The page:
With a long history of pioneering higher education, Europe is home to many of the world’s oldest and most prestigious universities – and many of the most exciting and attractive student cities. European countries, and their universities, are of course all very different – in terms of language, lifestyle and living costs.
One look at the QS World University Rankings® 2019, and you’ll see the UK remains Europe’s leader at the top of the tables, with four UK universities in the top 10 and a total of 18 UK entries in the top 100. Of these, the University of Oxford leads in fifth place, while the University of Cambridge is unsurprisingly not far behind at sixth. Switzerland also has two universities ranked within the global top 25, with ETH Zurich in seventh place and EPFL (Ecole Polytechnique Fédérale de Lausanne) 22nd. Other top European universities include France’s Paris Sciences et Lettres Research University (PSL) (ranked 50th in the world) and Ecole Polytechnique (65th), the Netherlands’ Delft University of Technology (52nd), Denmark’s University of Copenhagen (=79th), Germany’s Technische Universität München (61st).
Under the Bologna Process, European universities are working to standardize degree systems. For EU students, choosing to study in Europe outside your home country should be relatively straightforward, with tuition fees charged at local rates and no visa requirements. Higher education study programs in Europe are categorized per cycles following the European Higher Education Area guidelines, i.e., first cycle programs = bachelor's degrees; second cycle programs = master's degrees; and third cycle programs = PhD degrees. The ECTS system lets you understand your workload. In Europe, one school year equals 60 ECTS. First cycle programs are worth 180 - 240 ECTS; second cycle programs are worth 60 - 120 ECTS; while third cycle programs don't have a specific ECTS range.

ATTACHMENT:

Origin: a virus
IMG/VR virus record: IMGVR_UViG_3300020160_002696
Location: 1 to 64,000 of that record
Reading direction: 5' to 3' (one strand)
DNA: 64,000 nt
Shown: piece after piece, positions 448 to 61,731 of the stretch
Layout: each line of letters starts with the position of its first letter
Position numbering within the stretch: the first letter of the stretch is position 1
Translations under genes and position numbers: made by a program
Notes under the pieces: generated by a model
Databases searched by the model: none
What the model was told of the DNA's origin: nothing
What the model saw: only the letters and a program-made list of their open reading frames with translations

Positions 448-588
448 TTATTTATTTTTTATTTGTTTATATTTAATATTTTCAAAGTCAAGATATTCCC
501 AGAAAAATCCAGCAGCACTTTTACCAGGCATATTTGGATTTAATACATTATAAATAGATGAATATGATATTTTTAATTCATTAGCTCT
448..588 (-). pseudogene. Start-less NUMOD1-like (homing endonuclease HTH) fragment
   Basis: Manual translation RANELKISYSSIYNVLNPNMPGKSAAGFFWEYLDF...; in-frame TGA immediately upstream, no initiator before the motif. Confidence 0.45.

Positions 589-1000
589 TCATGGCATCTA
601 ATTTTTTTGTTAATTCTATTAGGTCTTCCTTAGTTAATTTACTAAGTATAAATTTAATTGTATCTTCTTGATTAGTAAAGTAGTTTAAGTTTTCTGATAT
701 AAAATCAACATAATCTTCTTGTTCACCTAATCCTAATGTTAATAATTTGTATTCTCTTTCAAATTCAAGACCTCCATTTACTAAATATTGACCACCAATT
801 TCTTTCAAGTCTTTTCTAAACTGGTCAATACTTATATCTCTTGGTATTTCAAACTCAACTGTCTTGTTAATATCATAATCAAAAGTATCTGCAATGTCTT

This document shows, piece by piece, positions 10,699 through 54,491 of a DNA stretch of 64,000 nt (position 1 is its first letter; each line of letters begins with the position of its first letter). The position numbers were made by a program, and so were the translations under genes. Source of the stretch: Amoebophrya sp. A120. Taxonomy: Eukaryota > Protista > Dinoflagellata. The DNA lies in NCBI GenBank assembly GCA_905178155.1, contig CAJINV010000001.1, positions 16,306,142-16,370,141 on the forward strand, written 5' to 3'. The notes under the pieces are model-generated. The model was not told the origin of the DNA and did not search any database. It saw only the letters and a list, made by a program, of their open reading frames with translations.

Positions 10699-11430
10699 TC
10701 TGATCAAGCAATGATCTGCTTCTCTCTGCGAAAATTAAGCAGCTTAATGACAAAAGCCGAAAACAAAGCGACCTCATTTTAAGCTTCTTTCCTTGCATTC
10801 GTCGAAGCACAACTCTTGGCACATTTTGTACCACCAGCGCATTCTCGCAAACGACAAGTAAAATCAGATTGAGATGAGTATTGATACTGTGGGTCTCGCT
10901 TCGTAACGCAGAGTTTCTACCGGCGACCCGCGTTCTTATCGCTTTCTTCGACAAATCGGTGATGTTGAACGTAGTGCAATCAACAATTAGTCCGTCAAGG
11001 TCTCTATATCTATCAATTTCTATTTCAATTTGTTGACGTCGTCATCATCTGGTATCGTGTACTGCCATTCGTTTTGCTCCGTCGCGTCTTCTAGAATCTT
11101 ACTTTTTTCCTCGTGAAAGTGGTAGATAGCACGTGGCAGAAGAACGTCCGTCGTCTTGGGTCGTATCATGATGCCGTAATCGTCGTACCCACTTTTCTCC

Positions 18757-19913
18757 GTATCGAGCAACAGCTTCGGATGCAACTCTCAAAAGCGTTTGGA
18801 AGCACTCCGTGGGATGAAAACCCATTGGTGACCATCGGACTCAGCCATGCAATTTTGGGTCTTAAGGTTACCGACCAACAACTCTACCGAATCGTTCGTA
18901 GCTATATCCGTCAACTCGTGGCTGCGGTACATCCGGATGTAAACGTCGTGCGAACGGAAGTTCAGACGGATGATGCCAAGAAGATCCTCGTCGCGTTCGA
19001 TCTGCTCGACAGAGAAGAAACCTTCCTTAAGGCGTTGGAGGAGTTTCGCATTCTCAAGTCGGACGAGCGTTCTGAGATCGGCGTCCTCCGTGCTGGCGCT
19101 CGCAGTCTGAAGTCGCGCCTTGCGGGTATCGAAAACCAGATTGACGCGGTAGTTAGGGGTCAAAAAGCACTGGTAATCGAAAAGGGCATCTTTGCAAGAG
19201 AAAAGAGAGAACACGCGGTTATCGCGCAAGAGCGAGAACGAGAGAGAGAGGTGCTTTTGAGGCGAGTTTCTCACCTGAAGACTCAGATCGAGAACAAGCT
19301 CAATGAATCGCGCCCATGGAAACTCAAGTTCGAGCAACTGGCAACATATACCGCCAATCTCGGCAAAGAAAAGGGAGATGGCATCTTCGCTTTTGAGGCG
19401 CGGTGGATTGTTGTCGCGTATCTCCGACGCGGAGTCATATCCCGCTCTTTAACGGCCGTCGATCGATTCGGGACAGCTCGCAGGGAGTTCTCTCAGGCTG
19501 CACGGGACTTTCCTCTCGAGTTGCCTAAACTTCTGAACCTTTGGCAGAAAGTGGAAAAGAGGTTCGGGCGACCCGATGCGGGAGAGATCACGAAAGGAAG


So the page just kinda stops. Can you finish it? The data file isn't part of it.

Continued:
There are different application deadlines for EU and Non-EU students. In Europe, the school year runs from September to June, usually with two intakes. There are different application deadlines for EU and non-EU students. If you are a non-EU student, we recommend you to start your application for studies in Europe at least one year in advance in order to meet all the deadlines.
Education in Europe is highly subsidized through taxes. Europeans enjoy either no tuition fees or very affordable fees for higher education programs. Non-EU students are usually charged either full tuition fees, no fees or moderate fees depending on the program, institution and country.
The European Association for Quality Assurance in Higher Education (ENQA) disseminates information, experiences and good practices in the field of quality assurance (QA) in higher education to QA agencies, public authorities and higher education institutions in the European Higher Education Area. It is a membership organization, comprising 51 agencies in 28 countries, and was established in 2000 following a recommendation from the Council of the European Union in 1998.
The European Quality Assurance Register for Higher Education (EQAR) was established by ENQA, the European Students' Union (ESI), the European University Association (EUA) and the European Association of Institutions in Higher Education (EURASHE) – the European representative bodies of quality assurance agencies, students, universities and other higher education institutions – to increase the transparency of quality assurance in higher education across Europe. EQAR publishes and manages a register of quality assurance agencies that substantially comply with the European Standards and Guidelines for Quality Assurance (ESG) to provide the public with clear and reliable information on quality assurance agencies operating in Europe. The register is web-based and freely accessible.
If you are thinking of studying in Europe for more than 90 days, you will have to apply for a residence permit in the country of your choice. Some countries require international students to apply for a permit before arriving to Europe.
Which European country is the best place to find a job after studying there? A recent report, by higher education data experts QS, holds that a student’s biggest consideration when choosing a college is the possibility of landing a good job after graduation. The Times Higher Education employability ratings accesses the graduate prospects for every major university. Back in 2015, universities in a handful of countries dominated the top 50 positions in the listing. Universities in the US and UK occupy most of the top slots. Other European countries with a notable presence in the listing are Switzerland, Germany, Holland and France. All in all, universities that boast of good links to the industry and an impeccable repute among local employers make up part of the equation for international students. There are other considerations too, such as finding accommodation and visa restrictions.